Picturing the history of the world's expansion

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The universe's expansion curve is most like:

  • a straight-line ramp (steady expansion rate)

    Votes: 0 0.0%
  • an exponential growth curve (increasing rate)

    Votes: 2 66.7%
  • a convex ramp (decreasing slope)

    Votes: 0 0.0%
  • silhouette of a woman's breast down to the nipple

    Votes: 1 33.3%

  • Total voters
    3
  • #1
marcus
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Main Question or Discussion Point

The scale factor function (they write it R(t) or a(t)) gives the history of the expansion of the universe, as calculated from observational data. The slope at any moment is the expansion rate at that moment. Which of these best describes how you picture this curve?

1. straightline ramp (constant expansion rate)
2. exponential growth (increasing slope)
3. convex ramp (positive but decreasing slope)
4. silhouette of a woman's breast down to the nipple

http://nedwww.ipac.caltech.edu/level5/March03/Lineweaver/Figures/figure14.jpg

the solid dark line is the curve giving the best fit to current astronomical data
 

Answers and Replies

  • #2
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4. silhouette of a woman's breast down to the nipple
Oh, LOL!!

And so, would it then be best to describe some of the slopes as "perkier" than the others? LOL! :0)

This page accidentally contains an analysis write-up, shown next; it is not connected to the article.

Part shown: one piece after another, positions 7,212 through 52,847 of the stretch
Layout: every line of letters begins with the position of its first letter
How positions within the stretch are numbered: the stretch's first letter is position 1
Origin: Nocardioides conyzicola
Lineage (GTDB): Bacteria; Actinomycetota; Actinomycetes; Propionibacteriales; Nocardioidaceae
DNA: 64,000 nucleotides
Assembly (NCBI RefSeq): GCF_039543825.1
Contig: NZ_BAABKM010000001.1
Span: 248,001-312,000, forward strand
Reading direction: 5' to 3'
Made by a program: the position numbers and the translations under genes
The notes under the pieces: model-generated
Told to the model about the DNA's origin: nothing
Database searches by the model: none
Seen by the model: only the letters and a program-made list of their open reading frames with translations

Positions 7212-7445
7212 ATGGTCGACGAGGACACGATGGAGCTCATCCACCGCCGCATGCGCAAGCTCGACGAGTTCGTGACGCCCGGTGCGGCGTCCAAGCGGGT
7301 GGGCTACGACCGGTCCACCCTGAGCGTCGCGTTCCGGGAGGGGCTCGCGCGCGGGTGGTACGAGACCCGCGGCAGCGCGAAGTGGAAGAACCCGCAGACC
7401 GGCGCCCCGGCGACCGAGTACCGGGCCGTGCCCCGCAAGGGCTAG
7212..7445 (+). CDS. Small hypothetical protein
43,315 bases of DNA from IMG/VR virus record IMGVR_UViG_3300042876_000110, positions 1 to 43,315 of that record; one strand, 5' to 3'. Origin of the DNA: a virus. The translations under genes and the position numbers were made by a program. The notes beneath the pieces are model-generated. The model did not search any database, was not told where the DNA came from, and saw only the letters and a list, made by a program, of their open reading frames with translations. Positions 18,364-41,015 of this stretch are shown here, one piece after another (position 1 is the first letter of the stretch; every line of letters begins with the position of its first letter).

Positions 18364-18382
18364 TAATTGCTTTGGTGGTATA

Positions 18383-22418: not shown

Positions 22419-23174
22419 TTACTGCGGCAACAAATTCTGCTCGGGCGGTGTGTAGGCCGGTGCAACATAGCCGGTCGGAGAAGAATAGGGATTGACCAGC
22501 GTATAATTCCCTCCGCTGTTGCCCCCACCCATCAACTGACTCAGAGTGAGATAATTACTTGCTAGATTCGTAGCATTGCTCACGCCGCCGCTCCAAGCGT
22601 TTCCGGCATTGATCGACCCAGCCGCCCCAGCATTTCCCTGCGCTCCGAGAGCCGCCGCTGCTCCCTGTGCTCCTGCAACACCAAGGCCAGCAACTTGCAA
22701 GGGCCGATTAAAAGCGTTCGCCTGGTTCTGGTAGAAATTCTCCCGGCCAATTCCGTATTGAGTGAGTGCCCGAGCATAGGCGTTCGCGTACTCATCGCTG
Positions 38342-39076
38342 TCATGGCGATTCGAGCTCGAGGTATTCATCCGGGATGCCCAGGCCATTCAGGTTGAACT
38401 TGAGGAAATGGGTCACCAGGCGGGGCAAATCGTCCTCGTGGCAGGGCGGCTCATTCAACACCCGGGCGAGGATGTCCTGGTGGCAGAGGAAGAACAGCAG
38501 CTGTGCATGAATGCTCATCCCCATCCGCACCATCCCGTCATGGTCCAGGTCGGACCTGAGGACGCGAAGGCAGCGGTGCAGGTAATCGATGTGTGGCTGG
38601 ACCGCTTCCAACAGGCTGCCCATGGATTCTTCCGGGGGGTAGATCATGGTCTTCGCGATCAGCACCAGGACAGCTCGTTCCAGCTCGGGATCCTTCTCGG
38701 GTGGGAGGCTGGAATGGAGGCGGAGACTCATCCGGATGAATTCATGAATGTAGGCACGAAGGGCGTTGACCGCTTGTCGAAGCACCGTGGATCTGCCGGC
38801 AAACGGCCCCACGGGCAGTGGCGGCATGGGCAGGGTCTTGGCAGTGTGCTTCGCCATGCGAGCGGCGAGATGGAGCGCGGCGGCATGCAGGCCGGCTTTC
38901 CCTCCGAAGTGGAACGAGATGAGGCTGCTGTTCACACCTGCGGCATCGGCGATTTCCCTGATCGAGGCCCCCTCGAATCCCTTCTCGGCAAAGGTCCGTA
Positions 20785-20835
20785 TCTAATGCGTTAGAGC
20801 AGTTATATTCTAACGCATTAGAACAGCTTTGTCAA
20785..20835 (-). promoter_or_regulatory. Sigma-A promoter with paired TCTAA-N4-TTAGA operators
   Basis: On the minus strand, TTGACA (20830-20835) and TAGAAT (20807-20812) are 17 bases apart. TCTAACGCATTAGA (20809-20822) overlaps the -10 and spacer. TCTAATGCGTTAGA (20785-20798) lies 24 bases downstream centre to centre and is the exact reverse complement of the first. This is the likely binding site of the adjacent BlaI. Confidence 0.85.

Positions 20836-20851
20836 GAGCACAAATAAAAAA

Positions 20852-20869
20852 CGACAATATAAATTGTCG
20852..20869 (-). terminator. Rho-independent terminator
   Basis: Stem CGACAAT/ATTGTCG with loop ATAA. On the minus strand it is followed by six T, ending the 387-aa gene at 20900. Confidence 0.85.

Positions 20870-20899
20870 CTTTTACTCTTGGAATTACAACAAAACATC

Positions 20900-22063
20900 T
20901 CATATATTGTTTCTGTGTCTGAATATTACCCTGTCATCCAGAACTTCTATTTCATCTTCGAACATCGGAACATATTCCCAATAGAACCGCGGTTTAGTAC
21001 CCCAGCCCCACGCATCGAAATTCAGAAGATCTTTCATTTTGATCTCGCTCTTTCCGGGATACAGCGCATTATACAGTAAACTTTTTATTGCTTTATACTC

• #3
marcus
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Originally posted by Nacho
Oh, LOL!!

And so, would it then be best to describe some of the slopes as "perkier" than the others? LOL! :0)
It was a conversation with you in "newton's" cosmological constant thread that sparked the particular idea so I have to share credit with you on it, and this discussion of the shape of the scale-factor curve in general.
 
  • #4
marcus
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Well?

Is everybody scared off by the anatomical comparison?

Would you rather the curve were described as a

"convex-then-concave ramp"?

afterthought: or maybe a "tilde ramp"?

the tilde symbol has the right kind of hump-then-dip, like a horizontal version of the ESS curve, so, if you make an upwards-sloping tilde, it looks about right.

the real curve starts out at time zero essentially vertical---infinite slope, and is convex and rounds off, then has an inflection point and becomes concave. being vertical at time zero (a time when expansion was very rapid) is essential to the shape
 
Last edited:
  • #5
Phobos
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you only get one of these per 1,000 posts, marcus. :wink:
 
  • #6
marcus
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Originally posted by Phobos
you only get one of these per 1,000 posts, marcus. :wink:
Yes, we have to keep it on the up and up!
I believe in fact that she is wearing a low-cut evening gown.
So everything is perfectly proper after all.

BTW Phobos, how about doing us a favor and responding to
Shadow's question in the Astronomy QA game. I believe Shadow
is a comparative newcomer and he just posted a nice one. I'm
refraining from answering because its time for some other people to get involved, with fresh interests.
 
Last edited:

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